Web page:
Headlining these issues is NAFTA’s existing Chapter 19 that allows companies that believe they have been unfairly targeted by duties to request arbitration via a bilateral trade panel. U.S. Trade Representative Robert Lighthizer views this provision as an infringement on U.S. sovereignty, but the Canadian government has been strident in calling for its preservation. A dispute settlement mechanism outside of the U.S. court system was a make-or-break issue for Canada in negotiating NAFTA’s precursor, the Canada-United States Free Trade Agreement, which prompted the Canadian delegation to briefly walk out of the 1987 talks during the debate over its inclusion. We believe a creative solution may be required that satisfies both sides and provides cover against being seen as caving on a key issue.

Canada’s dairy supply management system has been in President Trump’s crosshairs and is likely to require some movement on Canada’s part. Trade pacts negotiated with the EU and the Trans-Pacific Partnership have seen Canada accept increased dairy import quotas, but it remains to be seen if this would be enough to satisfy the U.S.

Beyond this politically sensitive file, negotiators must tackle a host of other issues including intellectual property and cultural exemptions if they hope to strike a deal.

The path forward remains highly uncertain

After striking a deal with Mexico, Trump notified Congress on August 31 of his intention to sign a new trade agreement with or without Canada within 90 days. Whether Congress will entertain a bilateral deal is an open question as the original mandate bestowed on the administration called for negotiating a trilateral agreement. With notice of intent delivered, the administration must provide Congress with the legal text of the agreement by September 30, which provides a guidepost for progress in negotiations with Canada.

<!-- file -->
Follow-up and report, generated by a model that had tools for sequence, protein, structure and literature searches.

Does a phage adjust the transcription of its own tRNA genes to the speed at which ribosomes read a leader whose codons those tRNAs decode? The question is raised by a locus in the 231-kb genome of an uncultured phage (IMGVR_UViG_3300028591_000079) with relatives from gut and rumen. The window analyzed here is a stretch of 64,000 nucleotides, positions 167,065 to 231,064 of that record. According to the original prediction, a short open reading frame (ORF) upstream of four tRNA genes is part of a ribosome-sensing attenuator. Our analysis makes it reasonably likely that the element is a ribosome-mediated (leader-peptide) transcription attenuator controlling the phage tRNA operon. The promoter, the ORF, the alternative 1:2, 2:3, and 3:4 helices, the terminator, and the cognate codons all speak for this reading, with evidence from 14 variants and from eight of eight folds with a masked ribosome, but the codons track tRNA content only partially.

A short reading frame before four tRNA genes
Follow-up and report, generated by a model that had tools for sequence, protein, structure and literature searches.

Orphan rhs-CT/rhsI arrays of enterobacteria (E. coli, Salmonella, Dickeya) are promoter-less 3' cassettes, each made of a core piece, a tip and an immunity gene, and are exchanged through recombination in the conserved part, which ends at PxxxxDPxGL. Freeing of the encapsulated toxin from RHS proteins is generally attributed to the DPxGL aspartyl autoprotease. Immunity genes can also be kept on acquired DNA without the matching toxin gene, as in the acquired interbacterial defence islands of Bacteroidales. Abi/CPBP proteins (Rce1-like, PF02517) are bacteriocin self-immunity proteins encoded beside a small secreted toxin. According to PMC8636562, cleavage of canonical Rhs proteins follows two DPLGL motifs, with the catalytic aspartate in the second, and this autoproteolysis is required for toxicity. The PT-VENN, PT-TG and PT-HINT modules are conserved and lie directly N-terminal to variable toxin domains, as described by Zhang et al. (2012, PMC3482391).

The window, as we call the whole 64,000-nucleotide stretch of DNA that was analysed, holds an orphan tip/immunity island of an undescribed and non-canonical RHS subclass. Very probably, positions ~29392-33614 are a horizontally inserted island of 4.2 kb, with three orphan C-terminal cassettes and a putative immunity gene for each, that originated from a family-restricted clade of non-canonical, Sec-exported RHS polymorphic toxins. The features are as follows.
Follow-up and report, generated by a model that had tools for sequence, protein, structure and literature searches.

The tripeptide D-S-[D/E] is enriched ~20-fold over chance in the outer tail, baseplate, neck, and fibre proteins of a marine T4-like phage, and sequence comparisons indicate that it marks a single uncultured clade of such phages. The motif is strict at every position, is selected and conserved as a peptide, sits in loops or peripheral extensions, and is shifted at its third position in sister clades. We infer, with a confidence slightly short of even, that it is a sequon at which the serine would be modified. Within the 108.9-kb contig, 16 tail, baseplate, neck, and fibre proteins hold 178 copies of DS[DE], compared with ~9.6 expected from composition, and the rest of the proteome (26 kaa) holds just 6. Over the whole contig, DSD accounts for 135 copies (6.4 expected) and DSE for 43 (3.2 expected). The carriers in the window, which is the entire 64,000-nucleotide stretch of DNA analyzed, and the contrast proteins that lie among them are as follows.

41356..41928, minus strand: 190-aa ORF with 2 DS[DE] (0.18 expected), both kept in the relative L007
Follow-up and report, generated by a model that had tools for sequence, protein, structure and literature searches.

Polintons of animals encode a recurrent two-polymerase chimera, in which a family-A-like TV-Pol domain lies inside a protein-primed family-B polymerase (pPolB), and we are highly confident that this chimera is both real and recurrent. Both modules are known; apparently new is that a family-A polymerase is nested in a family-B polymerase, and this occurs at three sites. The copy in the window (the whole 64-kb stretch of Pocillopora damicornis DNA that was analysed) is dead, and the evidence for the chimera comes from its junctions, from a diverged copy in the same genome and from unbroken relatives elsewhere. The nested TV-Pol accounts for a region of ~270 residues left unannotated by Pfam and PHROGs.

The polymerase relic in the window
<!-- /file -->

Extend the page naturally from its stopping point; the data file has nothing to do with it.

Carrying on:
We believe a lack of tangible progress by that date could see the U.S. attempt to further its bilateral deal with Mexico and/or signal its intent to withdraw from NAFTA. Either option could meet considerable resistance from Congress, the ultimate arbiter of U.S. trade, and condemn NAFTA to prolonged uncertainty.

We continue to view trade policy uncertainty as a key risk that offsets the Canadian equity market’s seemingly discounted valuation and underlines our Market Weight recommendation.

Required disclosures

Research resources

Non-U.S. Analyst Disclosure: Patrick McAllister, CFA, an employee of RBC Wealth Management USA’s foreign affiliate RBC Dominion Securities Inc., contributed to the preparation of this publication. This individual is not registered with or qualified as a research analyst with the U.S. Financial Industry Regulatory Authority (“FINRA”) and, since he is not an associated person of RBC Wealth Management, he may not be subject to FINRA Rule 2241 governing communications with subject companies, the making of public appearances, and the trading of securities in accounts held by research analysts.

In Quebec, financial planning services are provided by RBC Wealth Management Financial Services Inc. which is licensed as a financial services firm in that province. In the rest of Canada, financial planning services are available through RBC Dominion Securities Inc.